|Dolerus on Mayday from 2007|
Sunday, April 29, 2012
Saturday, April 14, 2012
|Cortusa matthioli var. sachalinensis - Alpine Bells|
|Alpine Bells - delicate and delightful|
|Alpine Bells in a mixed native-alien shade bed|
|Leaves of Alpine Bells|
|Ornamental onion Allium oreophyllum|
Sunday, April 8, 2012
|Redback 1, Skink 0|
|Redback in tagled web|
Up to 400 Redback bites are reported annually in Australia, but very few deaths have been recorded. My yard in Brisbane had a good population of Redbacks, but the closest I came to being bitten was while moving some large flower pots. My finger under the pot rim was right in a Redback's face, but she fled rather than bite, perhaps because I screamed and dropped the pot.
If you live in an area with good populations of Redbacks or other Widows, it is a good idea to be cautious when using outdoor furniture or facilities. Checking under a lawn chair and removing web and spider with a stick can help prevent unfortunate juxtapositions of soft skin and spider fangs. This is especially true when using a dunny (not the mutant Easter rabbit toy, but an 'outhouse'). Checking under the seat may seem a bit obsessive, but is preferable to being bitten in a sensitive spot: such bites used to be a high proportion of those reported. This year in New South Wales spider bites of all kinds (314) resulted in more calls to paramedics than any other category (twice as many as dog bites), but lost out in the headline of the linked article to 'ants, bees, snakes, and one ferocious rabbit'. I suppose that is a fitting end to an Easter post.
Saturday, April 7, 2012
|Mystery male fly on coltsfoot 22 April 2010|
|Being covered in pollen is a good indication of a potential pollinator|
Thursday, April 5, 2012
|Spring in the Home Bug Garden - 5 April 2012|
|Sulphur-crested Cockatoo - Qld version of snow|
|False Blister Beetle - Lamington National Park|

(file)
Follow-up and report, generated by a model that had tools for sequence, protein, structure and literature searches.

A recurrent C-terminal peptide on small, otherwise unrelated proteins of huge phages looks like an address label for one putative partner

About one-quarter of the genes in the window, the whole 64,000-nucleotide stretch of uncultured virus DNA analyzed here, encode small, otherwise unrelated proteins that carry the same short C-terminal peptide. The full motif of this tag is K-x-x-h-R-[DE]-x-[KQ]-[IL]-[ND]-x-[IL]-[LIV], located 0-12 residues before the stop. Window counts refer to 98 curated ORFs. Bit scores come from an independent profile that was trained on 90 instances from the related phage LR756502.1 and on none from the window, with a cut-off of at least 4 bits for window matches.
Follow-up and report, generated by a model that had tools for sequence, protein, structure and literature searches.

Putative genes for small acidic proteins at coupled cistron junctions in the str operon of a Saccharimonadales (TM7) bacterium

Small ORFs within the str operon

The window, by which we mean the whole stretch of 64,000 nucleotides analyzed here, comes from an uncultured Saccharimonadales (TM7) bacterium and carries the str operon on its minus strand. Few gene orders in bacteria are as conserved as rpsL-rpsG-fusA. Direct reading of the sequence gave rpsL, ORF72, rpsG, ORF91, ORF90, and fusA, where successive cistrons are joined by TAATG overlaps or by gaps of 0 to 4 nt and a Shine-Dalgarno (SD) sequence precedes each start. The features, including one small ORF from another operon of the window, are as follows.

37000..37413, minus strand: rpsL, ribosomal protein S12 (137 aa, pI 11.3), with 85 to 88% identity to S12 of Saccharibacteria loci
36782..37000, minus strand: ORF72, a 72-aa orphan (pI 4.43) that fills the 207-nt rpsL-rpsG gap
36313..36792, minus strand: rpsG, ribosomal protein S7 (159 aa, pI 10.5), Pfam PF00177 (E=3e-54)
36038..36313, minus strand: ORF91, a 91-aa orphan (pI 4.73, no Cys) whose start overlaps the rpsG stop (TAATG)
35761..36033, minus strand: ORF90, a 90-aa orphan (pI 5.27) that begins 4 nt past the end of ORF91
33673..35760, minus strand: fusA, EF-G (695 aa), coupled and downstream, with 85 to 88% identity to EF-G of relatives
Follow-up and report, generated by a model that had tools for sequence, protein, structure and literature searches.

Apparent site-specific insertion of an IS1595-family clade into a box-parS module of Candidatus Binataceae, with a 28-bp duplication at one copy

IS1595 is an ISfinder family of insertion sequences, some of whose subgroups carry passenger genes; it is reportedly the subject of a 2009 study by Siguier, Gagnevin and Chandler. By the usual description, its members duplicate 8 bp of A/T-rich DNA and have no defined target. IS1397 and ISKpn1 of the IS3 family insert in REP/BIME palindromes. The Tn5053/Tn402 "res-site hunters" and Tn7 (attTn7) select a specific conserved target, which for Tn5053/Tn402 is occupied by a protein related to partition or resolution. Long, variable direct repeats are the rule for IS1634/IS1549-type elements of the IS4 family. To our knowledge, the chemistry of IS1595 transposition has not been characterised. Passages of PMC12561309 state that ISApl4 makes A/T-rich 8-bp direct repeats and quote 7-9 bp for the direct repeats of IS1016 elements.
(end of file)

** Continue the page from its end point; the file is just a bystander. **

|Food and defence: chrysomelid larvae bums outward on gum leaf|
|Chrysomelid grub on willow (probably Chrysomela sp.)|
|Grevillea coccinna, King's Park, WA|
*Mawdsley, J. R. 1992. A new example of mimicry in Coleoptera from Australia. Young Entomologists' Society Quarterly 9(3):21-24.
Wednesday, April 4, 2012
|Male Meadow Rue|
|Creeping or Shore Buttercup Ranunculus cymbalaria|
Wikipedia has Thalia as named after Johannes Thal, a German Botanist. But Peter Bernhart in his entertaining Gods and Goddesses in the Garden, considers Thalia as a bit of Linnaean fun, honouring both Thal and yet another Greek Thalia (Θαλία): the Grace of festivities and luxuriant banquets. Given the abundance of flowers and the rather greyish foliage characteristic of Meadow Rues, I think I'll go with the Muse.
Sunday, April 1, 2012
|Autumn turns a Green Lacewing brown|
|Inquisitive Ash Leaf Cone Roller antennae out|
|Unobtrusive Cone Roller with antennae retracted|
Although these tiny moths have an interesting stance and pleasant pattern, no one really likes them. They make the ash trees look a bit ratty, but apparently don't hurt them much. But their tiny green caterpillars dangle from the street trees by silken threads and get in one's face, hair, and clothing.
|Cluster Fly in the outdoor sun, where it belongs|
Cluster flies (Calliphoridae: Pollenia spp.) are another insect that people tend not to like, but because of the adults, not the larvae. Their maggots are parasites of earthworms, so gardeners might have two minds about them, but the adult flies have the annoying habit of entering homes in the autumn and clustering on sunny windows. This can drive even entomologists up the wall. Fortunately, the species in Edmonton do not seem to indulge in the home invasion behaviour.
|Meniscus Midge Dixella sp.|
On the delicate and delightful side of the Diptera were the Dixidae. The adults of the Meniscus Midge that lives in our pond overwinter as adults and emerge well before the pond has thawed. A couple of weeks ago I thought they might be Winter Craneflies, but I was wrong. The one above is patiently awaiting a better day.
|A lauxaniid fly Sapromyza sp.|
Do to some confusion about the difference between a postsutural inter-alar seta and a postsutural alar seta, I was nearly wrong about a small fly in the family Lauxaniidae too, but a friend put me right. The little grey Sapromyza sp.
has an unfortunate generic name (Greek for 'putrid sucker'), but is a pleasant enough companion on a sunny spring day.
|A pair of Sapromyza enjoying the spring sun and preparing to do what flies do so well|